Interview: Abdelmajid Ezzar
What risks would be created for Tunisian farmers after the Deep and Comprehensive Free Trade Area (DCFTA) with the EU is ratified?
ABDELMAJID EZZAR: The DCFTA would for the first time open up Tunisia’s agricultural sector to direct competition with its European counterpart. It is important to note that the vast majority of Tunisian farmers cultivate between five and 10 ha. Most Tunisian farmers lack the scale, structure and support necessary to compete internationally. Given the agricultural sector’s lack of competitiveness, the DCFTA would create risks ranging from a decrease in the profitability of the sector to the disappearance of an entire class of professionals. Tunisian agricultural products are not economically viable and activity is unsustainable unless the government provides subsidies. The agricultural sector’s weaknesses make it necessary for the EU to help Tunisia modernise by providing technical, financial and developmental support for the industry.
Indeed, it is unreasonable to demand that countries from the global South restructure their agriculture sectors in such a short time when it took Europe decades to do so. Achieving free trade between the EU and Tunisia can only be done after implementing a five-to-10-year modernisation programme, during which impact studies can guide reforms related to irrigation, training, infrastructure and the strengthening of farming cooperatives.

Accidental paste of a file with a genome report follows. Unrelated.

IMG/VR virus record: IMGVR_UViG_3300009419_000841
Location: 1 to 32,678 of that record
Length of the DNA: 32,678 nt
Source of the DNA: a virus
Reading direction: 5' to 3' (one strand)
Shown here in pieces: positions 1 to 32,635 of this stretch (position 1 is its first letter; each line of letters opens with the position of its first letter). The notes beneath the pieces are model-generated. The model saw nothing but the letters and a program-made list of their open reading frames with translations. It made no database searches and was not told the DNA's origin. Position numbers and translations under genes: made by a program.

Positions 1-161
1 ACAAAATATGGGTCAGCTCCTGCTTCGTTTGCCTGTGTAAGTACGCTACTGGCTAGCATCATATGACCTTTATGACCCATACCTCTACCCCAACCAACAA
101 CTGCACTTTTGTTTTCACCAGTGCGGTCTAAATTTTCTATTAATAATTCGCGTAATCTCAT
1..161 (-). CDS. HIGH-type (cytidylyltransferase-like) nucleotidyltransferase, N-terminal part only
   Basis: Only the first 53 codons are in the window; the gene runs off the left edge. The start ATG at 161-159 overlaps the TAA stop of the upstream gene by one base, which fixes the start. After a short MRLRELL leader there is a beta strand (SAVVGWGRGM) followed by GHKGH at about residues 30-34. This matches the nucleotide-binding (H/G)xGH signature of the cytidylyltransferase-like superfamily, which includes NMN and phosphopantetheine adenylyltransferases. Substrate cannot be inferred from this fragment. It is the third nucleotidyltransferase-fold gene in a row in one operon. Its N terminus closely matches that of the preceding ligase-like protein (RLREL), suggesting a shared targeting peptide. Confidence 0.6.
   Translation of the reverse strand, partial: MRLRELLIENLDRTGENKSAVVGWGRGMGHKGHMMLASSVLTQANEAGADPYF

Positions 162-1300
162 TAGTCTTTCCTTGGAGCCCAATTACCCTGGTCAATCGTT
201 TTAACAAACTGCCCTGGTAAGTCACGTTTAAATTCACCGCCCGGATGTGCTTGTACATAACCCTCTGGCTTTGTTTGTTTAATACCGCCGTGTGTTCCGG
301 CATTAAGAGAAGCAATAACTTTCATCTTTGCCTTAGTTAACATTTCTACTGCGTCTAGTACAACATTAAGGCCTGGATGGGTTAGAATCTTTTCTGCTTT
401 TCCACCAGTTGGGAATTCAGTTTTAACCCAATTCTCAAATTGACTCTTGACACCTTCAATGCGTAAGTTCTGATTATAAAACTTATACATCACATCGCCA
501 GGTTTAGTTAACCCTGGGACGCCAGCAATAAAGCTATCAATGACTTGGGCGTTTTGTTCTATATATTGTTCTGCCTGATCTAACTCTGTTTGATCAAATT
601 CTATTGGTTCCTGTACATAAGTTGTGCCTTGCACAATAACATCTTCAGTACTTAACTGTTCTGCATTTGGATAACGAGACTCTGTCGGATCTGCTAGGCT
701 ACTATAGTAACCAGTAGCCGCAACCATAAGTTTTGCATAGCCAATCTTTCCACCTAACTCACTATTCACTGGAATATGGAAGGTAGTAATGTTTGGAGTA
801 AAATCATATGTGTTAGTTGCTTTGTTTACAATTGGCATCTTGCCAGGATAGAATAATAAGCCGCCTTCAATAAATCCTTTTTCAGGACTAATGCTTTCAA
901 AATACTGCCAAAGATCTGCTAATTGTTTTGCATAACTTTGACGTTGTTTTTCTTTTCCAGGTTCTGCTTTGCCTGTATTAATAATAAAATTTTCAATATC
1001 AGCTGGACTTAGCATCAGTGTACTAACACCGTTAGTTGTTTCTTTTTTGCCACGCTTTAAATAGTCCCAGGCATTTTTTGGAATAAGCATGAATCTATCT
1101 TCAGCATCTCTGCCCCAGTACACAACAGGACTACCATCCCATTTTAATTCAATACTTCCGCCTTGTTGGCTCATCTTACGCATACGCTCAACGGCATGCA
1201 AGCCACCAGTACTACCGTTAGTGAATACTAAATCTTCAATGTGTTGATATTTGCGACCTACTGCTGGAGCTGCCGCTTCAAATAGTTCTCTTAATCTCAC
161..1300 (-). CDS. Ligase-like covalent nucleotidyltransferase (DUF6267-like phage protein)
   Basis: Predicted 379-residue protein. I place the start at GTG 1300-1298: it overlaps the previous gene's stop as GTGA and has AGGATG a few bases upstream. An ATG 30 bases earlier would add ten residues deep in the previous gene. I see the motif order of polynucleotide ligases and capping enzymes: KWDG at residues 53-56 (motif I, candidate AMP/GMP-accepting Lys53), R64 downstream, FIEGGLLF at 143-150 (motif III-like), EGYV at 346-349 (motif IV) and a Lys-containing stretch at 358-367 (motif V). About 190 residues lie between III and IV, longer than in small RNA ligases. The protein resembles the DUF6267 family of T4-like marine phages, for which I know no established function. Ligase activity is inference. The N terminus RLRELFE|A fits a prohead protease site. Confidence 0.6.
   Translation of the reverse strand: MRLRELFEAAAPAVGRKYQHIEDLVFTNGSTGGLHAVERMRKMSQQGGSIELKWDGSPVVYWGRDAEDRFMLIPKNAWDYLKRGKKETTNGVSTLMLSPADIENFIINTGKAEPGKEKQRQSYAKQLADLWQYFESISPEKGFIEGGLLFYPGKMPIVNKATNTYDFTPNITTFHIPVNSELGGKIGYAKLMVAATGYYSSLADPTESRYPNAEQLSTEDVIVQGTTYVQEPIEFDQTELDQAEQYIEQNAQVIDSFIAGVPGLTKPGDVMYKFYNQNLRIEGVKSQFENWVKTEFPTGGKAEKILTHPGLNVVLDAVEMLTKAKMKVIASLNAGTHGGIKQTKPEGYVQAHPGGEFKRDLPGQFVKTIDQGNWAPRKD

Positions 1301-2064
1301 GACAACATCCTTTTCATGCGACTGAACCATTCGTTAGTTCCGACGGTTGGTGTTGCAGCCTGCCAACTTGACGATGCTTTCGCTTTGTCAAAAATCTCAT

Who would be among the beneficiaries after the implementation of the DCFTA?
EZZAR: One main beneficiary would be the Tunisian consumer, who would have access to a more abundant and diverse supply of food products. However, the benefits to consumers would depend on the value of the dinar against the euro. Another winner could potentially be some Tunisian agro-industrial companies, such as those in the olive oil sector. Nevertheless, the precise level of competitiveness of these products would be further understood by undertaking comprehensive economic impact studies.
How can the government reinforce the competitiveness of farmers and significantly modernise agro-industrial companies?
EZZAR: Government intervention is essential when it comes to improving the ability of farmers to compete. The agricultural sector needs both public and private investment. Until now, it has not benefited from a modernisation programme. Such a programme should focus on improving parameters affecting the profitability of the sector, such as management, cultivation techniques, marketing, quality, labelling and the promotion of products. For example, one challenge relates to land fragmentation. Tunisian tradition discourages the selling of family land, which makes it difficult to aggregate properties that allow for economies of scale. Reinforcing the competitiveness of the Tunisian economy has become a national objective, and any sectoral strategy should take into account the medium and long term.
What other measures would help Tunisia increase its agricultural exports?
EZZAR: The Tunisian market has an oversupply of agricultural goods and foreign markets are the only outlet for this excess supply, which is why promoting exports is so crucial – not only to traditional networks, but also to new markets like Sub-Saharan Africa and Russia. First, the government can boost productivity – and thereby exports – by improving the country’s transport infrastructure. Tunisia must revamp and further develop logistics networks connecting the country. Second, the government should offer fiscal incentives and subsidies to encourage farmers to respect European norms. Third, the marketing of agricultural products is one of the sector’s weak links, and improving that would significantly boost exports.
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